Most visitors to Northumberland will know of the grim and bloody history of this Border county, but seldom will they receive so vivid an impression of its reality as at Preston pele tower. Some rooms have been furnished as they might have been in the fourteenth century, and there are fascinating displays and information about the life of the Border reivers.


The Preston pele tower, which is owned by Major Tom Baker Cresswell, was built between 1392 and 1399, when warfare between England and Scotland was endemic. At the time of Agincourt (1415) it was one of 78 pele towers in Northumberland. Its owners included Sir Guiscard Harbottle, who was slain fighting against James IV at the battle of Flodden in 1513, the conflict that brought Mary, Queen of Scots to the Scottish throne.

Although the rest of England was enjoying peace and prosperity by the sixteenth century, in the Border country raiders, or ‘reivers’, still constantly crossed back and forth in the disputed hinterland. Instead of comfortable Tudor manor houses, the seats of Border families still needed thick walls and tunnel-vaulted rooms to defend themselves and their livestock.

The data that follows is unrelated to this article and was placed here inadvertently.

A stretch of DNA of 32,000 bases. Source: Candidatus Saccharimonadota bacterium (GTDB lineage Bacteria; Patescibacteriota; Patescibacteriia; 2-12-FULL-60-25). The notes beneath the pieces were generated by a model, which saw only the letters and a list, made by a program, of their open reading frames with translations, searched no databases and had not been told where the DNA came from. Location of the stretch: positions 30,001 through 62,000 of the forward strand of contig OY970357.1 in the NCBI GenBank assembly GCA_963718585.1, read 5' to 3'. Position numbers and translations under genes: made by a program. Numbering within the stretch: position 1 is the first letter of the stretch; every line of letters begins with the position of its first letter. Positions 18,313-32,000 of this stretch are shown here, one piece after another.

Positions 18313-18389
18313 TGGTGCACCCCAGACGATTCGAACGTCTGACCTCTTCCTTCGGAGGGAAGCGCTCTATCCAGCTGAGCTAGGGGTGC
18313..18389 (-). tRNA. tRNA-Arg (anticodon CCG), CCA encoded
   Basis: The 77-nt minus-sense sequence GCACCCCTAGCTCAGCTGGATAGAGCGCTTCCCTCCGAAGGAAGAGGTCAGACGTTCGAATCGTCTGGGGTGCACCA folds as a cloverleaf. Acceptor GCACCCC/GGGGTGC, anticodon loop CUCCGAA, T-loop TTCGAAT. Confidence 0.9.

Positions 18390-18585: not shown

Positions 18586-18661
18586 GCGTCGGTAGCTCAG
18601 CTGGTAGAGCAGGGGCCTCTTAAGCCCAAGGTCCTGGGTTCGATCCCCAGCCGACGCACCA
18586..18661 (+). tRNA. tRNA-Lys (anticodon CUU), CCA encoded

Following the Union of Scotland and England in 1603 under Mary’s son James, peace finally came to the Borders. Half the tower was pulled down at this time and the stone used for farm buildings on the estate. The present tower is what remains of the original structure.
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Tel: 07966 150 216

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Preston Tower
NE67 5DH